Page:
In South-East Asia, human and animal density levels are among the highest in the world. However, the pressure placed on the environment by society (deforestation, urbanisation and transport) coupled with the consequences of climate change (droughts, typhoons and floods) can have significant impacts on health. Increasing interactions between humans and animals as we encroach on their habitats significantly increase the epidemiological risk. This situation demands that, rather than continuing to segregate environmental, veterinary and medical issues, we develop a more comprehensive and holistic vision of health that takes account of the interdependence between the state of ecosystems, animal health and human health.
The concept of "One health" – also known as "One health" – was developed within the scientific community in the early 2000s with a view to promoting this approach. Researchers are working to identify and limit the risks in advance in order to better prevent future health crises. However, this "One health" approach is still largely unknown among the populations in question and by the media in South-East Asia. What little environmental information is provided there is often limited to simply reporting on natural disasters.
Media for One health boosts the knowledge and skills of media outlets in South-East Asia for the production and dissemination of information relating to the "One health" approach to allow them to achieve their aim of providing information and helping to prevent potential future crises.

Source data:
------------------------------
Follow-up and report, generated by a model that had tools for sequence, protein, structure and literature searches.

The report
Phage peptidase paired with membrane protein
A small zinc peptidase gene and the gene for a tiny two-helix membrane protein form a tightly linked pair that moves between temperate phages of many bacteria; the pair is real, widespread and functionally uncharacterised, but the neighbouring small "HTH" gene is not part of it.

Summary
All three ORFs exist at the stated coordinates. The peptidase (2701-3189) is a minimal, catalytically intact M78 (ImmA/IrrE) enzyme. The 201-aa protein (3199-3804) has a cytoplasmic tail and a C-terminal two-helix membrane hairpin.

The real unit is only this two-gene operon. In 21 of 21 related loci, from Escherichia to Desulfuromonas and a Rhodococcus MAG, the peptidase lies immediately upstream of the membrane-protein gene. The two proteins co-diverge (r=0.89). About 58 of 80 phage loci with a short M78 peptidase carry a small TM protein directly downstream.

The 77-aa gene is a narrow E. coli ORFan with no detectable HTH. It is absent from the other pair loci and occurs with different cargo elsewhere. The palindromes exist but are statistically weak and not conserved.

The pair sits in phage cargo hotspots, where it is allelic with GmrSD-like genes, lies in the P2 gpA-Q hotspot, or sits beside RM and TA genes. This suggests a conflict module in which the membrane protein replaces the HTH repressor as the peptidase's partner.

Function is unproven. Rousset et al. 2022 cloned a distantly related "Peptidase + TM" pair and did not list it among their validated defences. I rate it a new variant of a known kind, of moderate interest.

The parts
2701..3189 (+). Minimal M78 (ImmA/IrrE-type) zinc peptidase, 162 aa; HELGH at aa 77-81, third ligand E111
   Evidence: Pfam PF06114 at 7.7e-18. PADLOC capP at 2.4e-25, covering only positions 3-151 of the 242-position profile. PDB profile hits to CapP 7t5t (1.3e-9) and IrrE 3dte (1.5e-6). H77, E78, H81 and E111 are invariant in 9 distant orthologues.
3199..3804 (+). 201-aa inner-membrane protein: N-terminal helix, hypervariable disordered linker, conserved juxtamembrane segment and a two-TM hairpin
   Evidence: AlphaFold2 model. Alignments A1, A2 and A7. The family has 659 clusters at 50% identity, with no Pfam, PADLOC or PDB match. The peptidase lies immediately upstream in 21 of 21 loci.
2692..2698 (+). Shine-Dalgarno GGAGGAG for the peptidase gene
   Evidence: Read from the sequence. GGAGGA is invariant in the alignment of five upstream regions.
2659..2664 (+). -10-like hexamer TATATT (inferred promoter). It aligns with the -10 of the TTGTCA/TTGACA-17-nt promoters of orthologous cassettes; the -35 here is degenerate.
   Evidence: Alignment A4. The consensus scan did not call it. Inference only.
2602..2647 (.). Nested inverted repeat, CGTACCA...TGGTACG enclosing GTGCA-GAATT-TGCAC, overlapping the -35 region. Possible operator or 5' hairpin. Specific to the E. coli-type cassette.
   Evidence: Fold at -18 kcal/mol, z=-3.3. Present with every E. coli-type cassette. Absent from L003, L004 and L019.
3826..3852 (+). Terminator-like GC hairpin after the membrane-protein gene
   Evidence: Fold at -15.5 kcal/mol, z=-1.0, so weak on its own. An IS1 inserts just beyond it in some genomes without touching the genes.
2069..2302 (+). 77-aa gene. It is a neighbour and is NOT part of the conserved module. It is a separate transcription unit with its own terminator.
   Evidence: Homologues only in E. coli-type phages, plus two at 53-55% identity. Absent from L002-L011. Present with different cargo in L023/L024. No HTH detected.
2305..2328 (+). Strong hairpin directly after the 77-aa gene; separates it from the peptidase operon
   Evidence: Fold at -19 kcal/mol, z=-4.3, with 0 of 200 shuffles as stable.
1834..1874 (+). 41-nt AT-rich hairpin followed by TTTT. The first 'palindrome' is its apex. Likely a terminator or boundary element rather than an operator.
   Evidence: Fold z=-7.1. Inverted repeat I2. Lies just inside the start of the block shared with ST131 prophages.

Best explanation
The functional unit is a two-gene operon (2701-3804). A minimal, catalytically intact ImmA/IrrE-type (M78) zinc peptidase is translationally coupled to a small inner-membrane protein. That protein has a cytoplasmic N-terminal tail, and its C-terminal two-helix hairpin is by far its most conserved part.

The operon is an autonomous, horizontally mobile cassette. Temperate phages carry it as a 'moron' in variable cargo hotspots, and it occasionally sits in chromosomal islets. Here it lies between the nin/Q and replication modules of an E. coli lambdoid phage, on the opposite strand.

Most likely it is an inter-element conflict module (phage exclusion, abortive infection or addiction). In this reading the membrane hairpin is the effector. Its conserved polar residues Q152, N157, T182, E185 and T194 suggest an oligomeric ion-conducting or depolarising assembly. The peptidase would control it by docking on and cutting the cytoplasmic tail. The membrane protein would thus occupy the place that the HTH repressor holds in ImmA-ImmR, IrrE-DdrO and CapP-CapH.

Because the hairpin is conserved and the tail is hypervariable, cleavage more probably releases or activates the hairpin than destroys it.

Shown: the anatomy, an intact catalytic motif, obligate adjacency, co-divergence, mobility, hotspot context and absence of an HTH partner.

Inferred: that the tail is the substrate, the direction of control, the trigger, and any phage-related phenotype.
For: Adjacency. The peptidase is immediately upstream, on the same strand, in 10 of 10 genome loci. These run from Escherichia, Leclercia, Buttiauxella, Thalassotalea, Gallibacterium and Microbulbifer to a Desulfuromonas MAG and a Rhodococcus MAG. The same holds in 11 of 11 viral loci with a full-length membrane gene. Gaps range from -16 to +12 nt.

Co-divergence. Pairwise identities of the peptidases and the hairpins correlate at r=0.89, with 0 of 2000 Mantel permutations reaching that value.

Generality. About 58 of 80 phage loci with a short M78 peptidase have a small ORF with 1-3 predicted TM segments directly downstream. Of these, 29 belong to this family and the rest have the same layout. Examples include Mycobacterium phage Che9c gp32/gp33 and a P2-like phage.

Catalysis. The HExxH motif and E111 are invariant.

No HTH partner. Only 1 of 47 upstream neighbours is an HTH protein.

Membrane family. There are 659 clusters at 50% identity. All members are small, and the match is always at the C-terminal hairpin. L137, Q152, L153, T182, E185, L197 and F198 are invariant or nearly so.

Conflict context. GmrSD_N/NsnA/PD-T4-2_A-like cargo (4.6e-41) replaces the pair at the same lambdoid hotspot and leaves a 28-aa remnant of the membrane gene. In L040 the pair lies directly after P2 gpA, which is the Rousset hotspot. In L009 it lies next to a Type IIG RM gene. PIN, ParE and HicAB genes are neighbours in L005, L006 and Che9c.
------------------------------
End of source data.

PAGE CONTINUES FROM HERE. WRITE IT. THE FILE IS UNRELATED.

- Around fifty journalists in total, or four journalists from three media outlets per country
- 160 beneficiaries of the awareness raising days
Files to download
Awareness raising and training on the "One health" approach
- National awareness-raising seminars;
- In situ training modules for journalists;
- Ongoing online training;
- Creation of an online resources area with themed content;
- Field visit to Thailand for beneficiary media outlets.
Training journalists to decipher links between health and the environmentApril 24, 2023
Training in journalistic techniques aimed at tackling global health issues
- Mapping of the databases and data sources used to handle global health issues and initiation of their use for journalistic purposes;
- Training in investigative journalism and interview techniques;
- Training in fact checking methods and techniques with a view to combating misinformation in the areas of health and the environment;
- Training in mobile journalism for reporting;
- Training in social media management with a view to broadening and retaining audiences for global health issues.
Support for the production of thematic content
Subsidies, support and production guidance.